Major changes coming to Health Canada

Major changes coming to Health Canada

Natural Health Products Directorate of Health Canada will complete the assessments of the entire backlog of applications by Feb. 4.

The Natural Health Products Directorate of Health Canada (NHPD) will be meeting its goal and completing the assessments of the entire backlog of applications by Feb. 4, 2013. They’ve worked their way down from approximately 11,000 submissions to fewer than 150 as of today’s date, and will finish the remaining submissions as scheduled. They considered their backlog to be all submissions applied for prior to April 4, 2010.

Although they have been working on current applications, all assessors can now focus all their attention to current applications since the backlog is behind them. Their present turnaround time is approximately 60 to 120 days, depending on the complexity of the submission. However, since they are now being inundated with new applications, new product submissions could still take up to 180 days to get a licence as application assessment is on a first come first served basis.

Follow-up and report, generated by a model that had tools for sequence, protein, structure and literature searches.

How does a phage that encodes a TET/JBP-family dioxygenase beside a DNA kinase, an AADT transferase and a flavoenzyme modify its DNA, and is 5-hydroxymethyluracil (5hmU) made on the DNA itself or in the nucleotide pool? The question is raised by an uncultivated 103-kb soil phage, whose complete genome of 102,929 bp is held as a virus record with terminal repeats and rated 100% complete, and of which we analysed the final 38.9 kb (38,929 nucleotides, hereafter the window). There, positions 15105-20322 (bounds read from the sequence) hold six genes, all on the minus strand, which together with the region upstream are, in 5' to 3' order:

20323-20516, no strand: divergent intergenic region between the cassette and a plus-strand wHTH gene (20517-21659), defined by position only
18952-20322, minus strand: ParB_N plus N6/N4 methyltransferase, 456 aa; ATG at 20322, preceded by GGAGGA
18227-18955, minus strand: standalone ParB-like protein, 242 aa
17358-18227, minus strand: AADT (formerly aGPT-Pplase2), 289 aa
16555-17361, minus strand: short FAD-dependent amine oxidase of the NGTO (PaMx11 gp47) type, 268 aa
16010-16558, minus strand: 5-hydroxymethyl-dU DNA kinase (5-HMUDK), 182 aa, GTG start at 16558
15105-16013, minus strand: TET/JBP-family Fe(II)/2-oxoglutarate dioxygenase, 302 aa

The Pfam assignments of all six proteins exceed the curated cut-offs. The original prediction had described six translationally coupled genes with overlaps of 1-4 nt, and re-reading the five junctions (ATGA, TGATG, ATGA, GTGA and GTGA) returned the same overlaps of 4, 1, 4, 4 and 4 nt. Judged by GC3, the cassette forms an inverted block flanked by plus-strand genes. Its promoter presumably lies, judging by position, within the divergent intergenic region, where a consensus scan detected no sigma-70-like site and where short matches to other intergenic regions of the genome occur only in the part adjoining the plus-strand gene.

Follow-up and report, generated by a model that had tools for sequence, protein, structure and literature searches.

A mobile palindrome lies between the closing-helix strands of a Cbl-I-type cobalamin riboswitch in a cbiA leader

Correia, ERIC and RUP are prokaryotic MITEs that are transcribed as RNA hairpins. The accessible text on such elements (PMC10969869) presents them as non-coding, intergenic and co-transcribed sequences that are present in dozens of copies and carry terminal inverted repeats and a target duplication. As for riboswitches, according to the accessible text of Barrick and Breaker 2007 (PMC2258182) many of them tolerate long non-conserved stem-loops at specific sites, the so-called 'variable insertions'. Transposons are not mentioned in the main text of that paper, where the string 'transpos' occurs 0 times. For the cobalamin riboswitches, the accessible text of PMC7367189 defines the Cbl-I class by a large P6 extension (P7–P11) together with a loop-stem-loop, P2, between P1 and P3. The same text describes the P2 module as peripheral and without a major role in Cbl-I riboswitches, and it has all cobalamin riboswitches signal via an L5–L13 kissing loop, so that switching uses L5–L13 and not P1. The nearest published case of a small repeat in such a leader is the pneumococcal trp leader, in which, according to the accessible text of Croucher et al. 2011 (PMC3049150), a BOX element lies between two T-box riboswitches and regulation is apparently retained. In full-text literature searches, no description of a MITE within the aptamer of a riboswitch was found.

There were a specific set of regulations (Natural Health Products–Unprocessed Product Licence Applications Regulations) known as UPLAR, in which any files that the NHPD had over 180 days were given an “EN” designation, which meant for all intents and purposes that the product was temporarily legal for sale and advertising, until a final decision was made. The NHPD has now revised the way they process applications, enabling them to make decisions in up to 180 days. Therefore, these regulations are no longer required and are repealed as of February 4, 2013.

The implementation of the laws and regulations are reaching their final stages and should be in complete effect by the end of next year (2014).

What this means:
1. On Feb. 4, 2013, NHP-UPLAR will be repealed. Products with submissions in place will not be acted against. They should have their licences in ample time to not be affected. New products will not receive exemption numbers (ENs) and will have to wait until an NPN licence is issued in order to be legally manufactured, imported or sold.
2. By Dec. 1, 2013 no product can be manufactured by a Canadian manufacturer or be imported without holding an NPN licence.
3. By Sept. 1, 2014, no retailer can have a product on their shelves that does not have a legal NPN licence.

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